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Gorik Ooms and European colleagues are organizing a small meeting in Brussels in October to be called the Global Responsibilities for Global Health Rights Conference. The Conference is organized by the Helene De Beir Foundation and has the moral or financial support of AIDS Fonds, Netherlands; Parliamentarians for the MDGs, Belgium; International Centre for Reproductive Health, Belgium; International Civil Society Support, Netherlands; Institute of Tropical Medicine, Antwerp, Belgium and The Lancet, United Kingdom.
Mead Over recently wrote compellingly about the importance of collective action to strengthen surveillance of the swine flu and other contagious diseases. A major issue, of course, is the cost of such surveillance measures, the timely receipt of data on potential infections, and the accuracy (and completeness) of such information. Mobile phones may be part of the solution.
This post originally appeared on the CGD's Global Health Policy blog. The impact of this pandemic flu outbreak has little to do with pigs. And a lot to do with people. Every time there is a global flu epidemic, we seem to want to blame it on something. In 1918 we called it the Spanish flu, though Spaniards had nothing to do with it. For the last few years we blamed it on birds, calling it the “avian flu” as if it were the birds’ fault. Now we’re blaming it on pigs, by calling it the “swine flu”. In an effort to appease the public, several countries have banned the import of pork! None of this makes any sense. When was the last time you saw a sneezing pork chop?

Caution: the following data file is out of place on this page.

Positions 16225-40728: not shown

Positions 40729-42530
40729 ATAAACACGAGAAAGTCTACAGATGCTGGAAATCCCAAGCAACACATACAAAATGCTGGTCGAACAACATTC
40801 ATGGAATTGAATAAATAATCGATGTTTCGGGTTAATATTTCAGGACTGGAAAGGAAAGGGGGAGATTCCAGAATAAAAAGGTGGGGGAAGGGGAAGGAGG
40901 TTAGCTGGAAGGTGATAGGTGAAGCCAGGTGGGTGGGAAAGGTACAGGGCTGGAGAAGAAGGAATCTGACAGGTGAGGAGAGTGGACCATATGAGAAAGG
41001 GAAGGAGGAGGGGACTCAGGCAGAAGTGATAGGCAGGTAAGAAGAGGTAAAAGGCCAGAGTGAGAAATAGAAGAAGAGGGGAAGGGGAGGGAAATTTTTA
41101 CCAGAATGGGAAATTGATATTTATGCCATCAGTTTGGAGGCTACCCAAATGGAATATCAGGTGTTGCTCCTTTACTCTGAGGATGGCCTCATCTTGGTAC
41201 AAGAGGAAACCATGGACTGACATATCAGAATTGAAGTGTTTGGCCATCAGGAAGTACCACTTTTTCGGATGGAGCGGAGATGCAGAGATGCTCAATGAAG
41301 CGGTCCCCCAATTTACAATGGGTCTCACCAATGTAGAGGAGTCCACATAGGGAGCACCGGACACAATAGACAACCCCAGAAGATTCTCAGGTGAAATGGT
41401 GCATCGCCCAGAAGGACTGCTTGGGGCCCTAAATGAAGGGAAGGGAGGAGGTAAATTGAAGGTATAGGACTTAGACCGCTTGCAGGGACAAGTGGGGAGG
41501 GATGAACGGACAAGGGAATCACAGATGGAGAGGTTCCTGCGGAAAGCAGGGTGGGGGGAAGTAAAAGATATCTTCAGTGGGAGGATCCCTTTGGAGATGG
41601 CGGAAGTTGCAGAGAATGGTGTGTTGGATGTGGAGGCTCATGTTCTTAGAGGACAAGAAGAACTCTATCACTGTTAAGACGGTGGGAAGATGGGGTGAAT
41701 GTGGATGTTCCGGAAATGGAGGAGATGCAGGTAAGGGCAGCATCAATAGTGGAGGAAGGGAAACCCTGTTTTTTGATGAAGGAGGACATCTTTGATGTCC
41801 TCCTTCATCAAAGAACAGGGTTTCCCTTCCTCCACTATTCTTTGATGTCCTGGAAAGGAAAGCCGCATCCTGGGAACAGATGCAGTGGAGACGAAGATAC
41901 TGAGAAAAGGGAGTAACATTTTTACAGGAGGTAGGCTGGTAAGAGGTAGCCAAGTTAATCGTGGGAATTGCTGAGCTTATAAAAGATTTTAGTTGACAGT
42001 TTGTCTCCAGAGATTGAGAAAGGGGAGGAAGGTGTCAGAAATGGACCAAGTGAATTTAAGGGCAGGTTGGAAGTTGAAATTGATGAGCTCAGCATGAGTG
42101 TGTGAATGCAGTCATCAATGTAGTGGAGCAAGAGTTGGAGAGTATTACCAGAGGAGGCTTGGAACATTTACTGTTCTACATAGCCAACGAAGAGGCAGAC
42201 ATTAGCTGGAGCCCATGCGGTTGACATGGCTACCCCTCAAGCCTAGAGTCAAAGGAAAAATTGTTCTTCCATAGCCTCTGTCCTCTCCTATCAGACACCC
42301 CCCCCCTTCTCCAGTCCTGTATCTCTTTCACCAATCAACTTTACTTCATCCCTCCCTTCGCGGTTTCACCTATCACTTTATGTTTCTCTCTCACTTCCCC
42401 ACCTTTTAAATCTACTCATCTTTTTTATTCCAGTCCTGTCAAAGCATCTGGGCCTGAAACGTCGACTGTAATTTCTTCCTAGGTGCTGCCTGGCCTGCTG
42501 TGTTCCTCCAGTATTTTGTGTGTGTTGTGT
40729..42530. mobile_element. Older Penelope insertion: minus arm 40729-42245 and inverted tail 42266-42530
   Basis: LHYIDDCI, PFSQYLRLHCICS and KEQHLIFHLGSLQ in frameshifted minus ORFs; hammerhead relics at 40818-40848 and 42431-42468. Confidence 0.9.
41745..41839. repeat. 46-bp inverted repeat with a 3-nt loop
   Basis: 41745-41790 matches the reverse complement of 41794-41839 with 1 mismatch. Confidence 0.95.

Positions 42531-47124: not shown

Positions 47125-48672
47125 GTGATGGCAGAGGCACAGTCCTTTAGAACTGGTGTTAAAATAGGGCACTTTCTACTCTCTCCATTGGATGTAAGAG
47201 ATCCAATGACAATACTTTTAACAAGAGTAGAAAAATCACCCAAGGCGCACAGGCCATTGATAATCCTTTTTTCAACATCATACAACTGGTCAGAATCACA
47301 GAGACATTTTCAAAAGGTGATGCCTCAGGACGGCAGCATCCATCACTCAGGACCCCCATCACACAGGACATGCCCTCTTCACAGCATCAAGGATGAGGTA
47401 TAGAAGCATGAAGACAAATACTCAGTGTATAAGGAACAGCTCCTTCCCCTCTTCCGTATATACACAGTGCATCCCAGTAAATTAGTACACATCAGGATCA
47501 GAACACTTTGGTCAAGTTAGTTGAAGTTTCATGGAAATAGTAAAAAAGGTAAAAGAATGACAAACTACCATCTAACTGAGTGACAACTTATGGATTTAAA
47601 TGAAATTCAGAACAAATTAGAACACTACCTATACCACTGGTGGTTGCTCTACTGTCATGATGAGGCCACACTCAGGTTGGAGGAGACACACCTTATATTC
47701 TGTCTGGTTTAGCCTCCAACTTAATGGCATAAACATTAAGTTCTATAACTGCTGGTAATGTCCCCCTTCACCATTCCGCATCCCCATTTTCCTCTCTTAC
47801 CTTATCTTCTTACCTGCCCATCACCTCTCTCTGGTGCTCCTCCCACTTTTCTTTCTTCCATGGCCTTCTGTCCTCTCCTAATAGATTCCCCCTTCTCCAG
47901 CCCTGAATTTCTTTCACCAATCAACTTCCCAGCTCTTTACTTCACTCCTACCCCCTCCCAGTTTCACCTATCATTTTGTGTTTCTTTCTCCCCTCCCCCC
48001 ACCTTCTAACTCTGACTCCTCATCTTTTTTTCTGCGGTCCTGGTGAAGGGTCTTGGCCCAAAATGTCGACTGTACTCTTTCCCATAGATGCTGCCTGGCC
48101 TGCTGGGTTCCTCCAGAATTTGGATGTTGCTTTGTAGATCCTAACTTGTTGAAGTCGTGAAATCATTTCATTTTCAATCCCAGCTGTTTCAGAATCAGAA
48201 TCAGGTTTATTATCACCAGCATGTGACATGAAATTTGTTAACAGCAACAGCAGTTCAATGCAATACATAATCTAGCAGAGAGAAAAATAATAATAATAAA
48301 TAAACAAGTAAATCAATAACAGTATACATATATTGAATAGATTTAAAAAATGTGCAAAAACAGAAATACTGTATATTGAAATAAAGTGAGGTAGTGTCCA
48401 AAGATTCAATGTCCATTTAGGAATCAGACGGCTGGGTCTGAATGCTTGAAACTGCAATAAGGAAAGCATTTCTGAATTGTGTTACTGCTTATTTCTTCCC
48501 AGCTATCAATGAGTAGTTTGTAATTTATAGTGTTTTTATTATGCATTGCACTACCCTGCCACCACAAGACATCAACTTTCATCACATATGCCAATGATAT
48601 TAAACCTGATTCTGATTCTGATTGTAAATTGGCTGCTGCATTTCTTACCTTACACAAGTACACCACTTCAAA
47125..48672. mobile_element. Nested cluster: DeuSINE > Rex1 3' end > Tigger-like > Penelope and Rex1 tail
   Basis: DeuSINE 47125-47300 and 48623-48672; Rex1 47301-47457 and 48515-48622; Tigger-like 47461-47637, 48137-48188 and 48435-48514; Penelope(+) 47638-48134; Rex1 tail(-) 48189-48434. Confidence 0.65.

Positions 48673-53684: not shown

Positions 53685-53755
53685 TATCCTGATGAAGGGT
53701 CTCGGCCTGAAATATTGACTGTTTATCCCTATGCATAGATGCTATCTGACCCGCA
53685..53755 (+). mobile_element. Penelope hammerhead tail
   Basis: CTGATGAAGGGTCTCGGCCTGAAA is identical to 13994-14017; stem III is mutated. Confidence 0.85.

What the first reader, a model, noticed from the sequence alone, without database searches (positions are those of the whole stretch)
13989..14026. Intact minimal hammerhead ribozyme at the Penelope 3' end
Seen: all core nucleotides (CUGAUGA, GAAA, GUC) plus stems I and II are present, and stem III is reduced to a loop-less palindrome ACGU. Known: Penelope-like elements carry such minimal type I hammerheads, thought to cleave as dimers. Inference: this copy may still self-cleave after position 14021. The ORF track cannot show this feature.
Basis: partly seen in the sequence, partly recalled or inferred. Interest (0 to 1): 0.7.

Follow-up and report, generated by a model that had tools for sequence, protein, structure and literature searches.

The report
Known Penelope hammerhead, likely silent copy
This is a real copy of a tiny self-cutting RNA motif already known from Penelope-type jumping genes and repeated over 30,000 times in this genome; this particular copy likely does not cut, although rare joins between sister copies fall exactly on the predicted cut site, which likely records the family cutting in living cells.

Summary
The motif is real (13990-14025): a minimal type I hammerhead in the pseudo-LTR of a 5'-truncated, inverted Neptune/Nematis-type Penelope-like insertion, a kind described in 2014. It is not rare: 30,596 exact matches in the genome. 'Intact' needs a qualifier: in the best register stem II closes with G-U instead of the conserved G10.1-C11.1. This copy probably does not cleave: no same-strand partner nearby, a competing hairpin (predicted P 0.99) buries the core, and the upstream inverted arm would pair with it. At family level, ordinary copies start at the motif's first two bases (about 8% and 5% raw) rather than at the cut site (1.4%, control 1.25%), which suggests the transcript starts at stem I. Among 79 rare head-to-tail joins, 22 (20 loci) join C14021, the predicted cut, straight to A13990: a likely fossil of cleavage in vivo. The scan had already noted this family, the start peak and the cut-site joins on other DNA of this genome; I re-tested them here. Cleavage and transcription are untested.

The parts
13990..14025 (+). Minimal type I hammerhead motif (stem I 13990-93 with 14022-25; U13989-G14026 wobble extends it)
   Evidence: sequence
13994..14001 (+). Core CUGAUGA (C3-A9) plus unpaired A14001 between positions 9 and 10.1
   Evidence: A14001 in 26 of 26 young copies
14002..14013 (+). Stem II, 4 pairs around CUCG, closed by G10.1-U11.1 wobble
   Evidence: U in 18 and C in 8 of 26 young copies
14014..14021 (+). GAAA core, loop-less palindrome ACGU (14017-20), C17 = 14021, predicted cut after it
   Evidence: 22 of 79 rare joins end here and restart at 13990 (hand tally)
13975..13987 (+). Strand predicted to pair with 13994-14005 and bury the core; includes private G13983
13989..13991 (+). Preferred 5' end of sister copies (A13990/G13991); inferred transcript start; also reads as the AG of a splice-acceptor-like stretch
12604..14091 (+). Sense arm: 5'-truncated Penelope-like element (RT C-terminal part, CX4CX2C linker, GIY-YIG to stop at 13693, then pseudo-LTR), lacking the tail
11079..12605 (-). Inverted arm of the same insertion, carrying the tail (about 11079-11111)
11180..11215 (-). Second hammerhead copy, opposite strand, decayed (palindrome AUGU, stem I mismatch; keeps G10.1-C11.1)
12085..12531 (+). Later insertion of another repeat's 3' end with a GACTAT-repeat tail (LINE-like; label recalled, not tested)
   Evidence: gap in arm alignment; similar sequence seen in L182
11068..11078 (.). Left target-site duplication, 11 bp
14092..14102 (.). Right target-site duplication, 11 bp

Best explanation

Eldis, the online aggregator of development policy, practice and research at the Institute of Development Studies in Sussex, is conducting a survey to identify "the most significant new piece of development research of 2008." This strikes me as having roughly the same statistical validity as American Idol does for when it comes to finding new singing talent. Still, as with Idol and other talent shows, the entertainment value of a popularity contest is hard to dispute!